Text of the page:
Subtitled “Evolution of the Gespe’gewa’gi Mi’gmaq” (2016, Fernwood Publishing) this book is the product of years of research commissioned by the organization that represents the three communities of the Mi’gmaq that inhabit the northern part of the Gaspé Peninsula. It also involves the work of the community’s Elders (both oral and written stories), so it is a history written by Aboriginal peoples from an aboriginal perspective. It is also valuable for non-Aboriginals as well, for we learn of their history from their perspective, and come to see and understand their worldview and vision of life and their environment both before and after contact with Europeans. As stated by the authors in the introduction:
The purpose of this book is…to invite our non-Mi’gmaq neighbours into our world. We think that knowing leads to understanding.
Authoritative and Informative
Fernwood Publishing has a reputation for publishing books that “inform, enlighten and challenge”. Our Story, like another Fernwood title I recently reviewed (Viola Desmond’s Canada), certainly lives up to that reputation. Here is an authoritative, landmark publication that will no doubt be indispensable for Aboriginal research as well as those in the educational community. As for it being enlightening, I know that I certainly learned much from it, for example the “rule of giving”: whatever the number of transactions, the spirit of the gift must come back, in whatever form, to its point of origin and come full circle. The Mi’gmaq were to come to understand that the rule of giving was not a fundamental aspect of the European way of life.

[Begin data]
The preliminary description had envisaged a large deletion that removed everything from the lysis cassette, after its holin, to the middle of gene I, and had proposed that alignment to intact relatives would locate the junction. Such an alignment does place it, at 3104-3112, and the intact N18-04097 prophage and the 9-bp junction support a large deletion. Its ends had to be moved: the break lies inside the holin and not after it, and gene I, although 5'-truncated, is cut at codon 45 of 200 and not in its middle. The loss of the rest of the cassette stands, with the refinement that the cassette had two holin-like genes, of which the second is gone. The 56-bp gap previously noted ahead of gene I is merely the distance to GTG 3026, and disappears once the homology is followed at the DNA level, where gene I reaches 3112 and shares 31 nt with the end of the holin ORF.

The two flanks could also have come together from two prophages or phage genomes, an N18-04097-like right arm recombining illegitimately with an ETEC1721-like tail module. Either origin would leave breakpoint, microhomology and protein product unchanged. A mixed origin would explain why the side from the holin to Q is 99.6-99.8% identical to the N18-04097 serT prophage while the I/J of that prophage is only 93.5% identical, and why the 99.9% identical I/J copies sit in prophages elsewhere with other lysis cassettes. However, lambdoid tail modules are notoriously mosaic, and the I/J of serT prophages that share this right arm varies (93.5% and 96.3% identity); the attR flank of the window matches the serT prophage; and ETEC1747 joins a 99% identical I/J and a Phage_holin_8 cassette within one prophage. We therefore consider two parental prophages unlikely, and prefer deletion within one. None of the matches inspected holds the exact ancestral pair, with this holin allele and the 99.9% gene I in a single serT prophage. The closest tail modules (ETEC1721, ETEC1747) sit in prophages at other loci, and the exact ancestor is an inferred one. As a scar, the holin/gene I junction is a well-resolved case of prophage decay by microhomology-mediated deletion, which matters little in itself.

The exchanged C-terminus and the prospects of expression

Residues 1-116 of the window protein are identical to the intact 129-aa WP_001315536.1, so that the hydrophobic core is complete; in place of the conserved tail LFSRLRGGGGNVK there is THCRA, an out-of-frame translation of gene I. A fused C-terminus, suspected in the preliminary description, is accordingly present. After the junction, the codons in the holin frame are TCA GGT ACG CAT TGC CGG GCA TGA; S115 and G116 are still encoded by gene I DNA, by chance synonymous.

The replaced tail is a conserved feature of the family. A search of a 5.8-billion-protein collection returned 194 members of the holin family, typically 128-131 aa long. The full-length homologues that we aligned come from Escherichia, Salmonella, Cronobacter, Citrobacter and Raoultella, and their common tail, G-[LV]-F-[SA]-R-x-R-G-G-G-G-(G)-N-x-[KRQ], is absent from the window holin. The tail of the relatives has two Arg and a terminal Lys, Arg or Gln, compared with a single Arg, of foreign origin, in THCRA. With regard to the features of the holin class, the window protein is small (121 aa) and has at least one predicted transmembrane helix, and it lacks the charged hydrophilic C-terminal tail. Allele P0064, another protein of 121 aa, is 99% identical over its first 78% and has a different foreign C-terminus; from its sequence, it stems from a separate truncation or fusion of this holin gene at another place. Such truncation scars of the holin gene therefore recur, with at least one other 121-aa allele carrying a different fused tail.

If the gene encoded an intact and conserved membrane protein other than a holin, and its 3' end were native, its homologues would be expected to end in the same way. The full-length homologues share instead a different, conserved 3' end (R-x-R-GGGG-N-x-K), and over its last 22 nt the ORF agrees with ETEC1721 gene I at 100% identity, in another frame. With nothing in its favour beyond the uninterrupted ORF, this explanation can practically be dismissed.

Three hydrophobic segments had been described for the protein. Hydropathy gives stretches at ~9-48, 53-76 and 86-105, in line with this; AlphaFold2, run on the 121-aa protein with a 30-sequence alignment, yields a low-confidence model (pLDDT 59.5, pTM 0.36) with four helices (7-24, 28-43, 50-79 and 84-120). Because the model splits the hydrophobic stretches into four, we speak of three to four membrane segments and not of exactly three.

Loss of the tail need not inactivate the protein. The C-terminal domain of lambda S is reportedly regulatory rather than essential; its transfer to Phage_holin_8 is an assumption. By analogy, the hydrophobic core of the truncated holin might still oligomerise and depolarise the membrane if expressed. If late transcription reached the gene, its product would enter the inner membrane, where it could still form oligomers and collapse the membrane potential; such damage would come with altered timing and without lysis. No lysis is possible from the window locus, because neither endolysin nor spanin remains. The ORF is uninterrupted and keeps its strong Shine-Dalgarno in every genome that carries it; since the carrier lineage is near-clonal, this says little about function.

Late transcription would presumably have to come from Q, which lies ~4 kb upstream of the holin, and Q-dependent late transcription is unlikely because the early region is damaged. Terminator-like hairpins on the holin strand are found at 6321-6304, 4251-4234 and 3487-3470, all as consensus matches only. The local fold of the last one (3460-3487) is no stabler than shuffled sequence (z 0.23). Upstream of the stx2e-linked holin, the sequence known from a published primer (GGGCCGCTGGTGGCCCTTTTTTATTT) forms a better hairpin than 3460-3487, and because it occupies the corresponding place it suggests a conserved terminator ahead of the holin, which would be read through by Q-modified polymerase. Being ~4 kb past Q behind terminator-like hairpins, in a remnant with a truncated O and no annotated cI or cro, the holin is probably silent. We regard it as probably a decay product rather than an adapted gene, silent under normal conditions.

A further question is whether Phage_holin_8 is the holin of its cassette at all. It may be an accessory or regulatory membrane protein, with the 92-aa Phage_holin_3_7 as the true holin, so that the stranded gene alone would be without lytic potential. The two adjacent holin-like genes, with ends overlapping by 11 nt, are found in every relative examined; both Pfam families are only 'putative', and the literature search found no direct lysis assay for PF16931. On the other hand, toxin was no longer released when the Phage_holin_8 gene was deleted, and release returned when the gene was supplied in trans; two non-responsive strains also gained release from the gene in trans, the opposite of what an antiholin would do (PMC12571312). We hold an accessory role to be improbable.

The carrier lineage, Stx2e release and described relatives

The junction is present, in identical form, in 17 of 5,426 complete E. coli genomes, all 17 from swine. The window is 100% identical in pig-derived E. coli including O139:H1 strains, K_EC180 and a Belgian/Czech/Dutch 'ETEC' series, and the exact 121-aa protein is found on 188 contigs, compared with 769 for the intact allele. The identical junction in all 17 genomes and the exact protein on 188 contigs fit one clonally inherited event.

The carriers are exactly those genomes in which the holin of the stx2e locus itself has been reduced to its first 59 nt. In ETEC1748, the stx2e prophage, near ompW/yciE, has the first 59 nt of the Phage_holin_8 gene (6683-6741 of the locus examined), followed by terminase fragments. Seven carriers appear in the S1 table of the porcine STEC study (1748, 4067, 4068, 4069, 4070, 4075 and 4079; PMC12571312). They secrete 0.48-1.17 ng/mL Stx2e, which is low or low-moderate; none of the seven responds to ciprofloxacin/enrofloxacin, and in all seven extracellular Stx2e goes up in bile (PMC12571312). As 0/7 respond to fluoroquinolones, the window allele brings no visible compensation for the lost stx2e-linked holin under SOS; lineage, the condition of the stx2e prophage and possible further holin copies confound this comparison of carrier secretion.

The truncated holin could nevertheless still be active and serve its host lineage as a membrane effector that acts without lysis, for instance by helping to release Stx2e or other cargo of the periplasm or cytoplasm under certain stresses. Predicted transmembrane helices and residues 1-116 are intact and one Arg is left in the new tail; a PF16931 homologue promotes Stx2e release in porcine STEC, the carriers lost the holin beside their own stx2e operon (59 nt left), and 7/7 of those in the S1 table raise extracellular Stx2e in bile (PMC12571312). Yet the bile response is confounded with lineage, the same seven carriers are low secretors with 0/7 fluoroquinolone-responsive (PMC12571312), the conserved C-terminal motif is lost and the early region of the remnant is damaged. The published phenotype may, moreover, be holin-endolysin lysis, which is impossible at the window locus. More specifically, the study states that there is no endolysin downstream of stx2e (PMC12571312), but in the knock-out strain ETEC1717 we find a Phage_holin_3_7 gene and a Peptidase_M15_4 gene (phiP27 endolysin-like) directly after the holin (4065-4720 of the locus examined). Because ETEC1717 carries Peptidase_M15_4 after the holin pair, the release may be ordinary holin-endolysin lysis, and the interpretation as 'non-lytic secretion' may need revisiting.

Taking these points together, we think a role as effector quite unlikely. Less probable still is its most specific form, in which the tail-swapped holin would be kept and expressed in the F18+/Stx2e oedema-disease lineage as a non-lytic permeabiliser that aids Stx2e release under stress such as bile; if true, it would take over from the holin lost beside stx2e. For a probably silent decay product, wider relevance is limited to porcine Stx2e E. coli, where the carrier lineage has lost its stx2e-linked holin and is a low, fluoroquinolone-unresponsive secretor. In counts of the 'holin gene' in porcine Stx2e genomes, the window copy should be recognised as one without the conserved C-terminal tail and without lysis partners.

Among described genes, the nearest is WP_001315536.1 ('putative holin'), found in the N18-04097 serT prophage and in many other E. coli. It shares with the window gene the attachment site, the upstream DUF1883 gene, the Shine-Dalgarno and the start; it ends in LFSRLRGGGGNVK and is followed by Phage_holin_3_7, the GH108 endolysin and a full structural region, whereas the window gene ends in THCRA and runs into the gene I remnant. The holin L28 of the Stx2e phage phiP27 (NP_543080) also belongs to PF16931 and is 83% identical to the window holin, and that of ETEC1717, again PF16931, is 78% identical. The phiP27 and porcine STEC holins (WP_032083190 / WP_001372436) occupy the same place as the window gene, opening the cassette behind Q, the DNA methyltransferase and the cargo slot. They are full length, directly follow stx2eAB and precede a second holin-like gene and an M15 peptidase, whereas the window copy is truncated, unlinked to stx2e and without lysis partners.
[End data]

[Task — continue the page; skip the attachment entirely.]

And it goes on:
Other chapters cover Mi’gmaq territory in Prehistoric times, Mi’gmaq place names, their treaty relationships with the British Crown, and the Gespe’gewa’gi Mi’gmaq in contemporary times. There are also notes, an extensive bibliography as well as an index at the end of the book.
As someone who loves to read and learn about history, and being unfamiliar with the history of the Mi’gmaq in Eastern Canada, I was drawn into the book quite early and certainly found it informative and eye-opening as to the plight (past and present) of a people I live and work among in the Miramichi area. Highly recommended for educators, and for students wishing to research this important area of Canadian-Aboriginal history.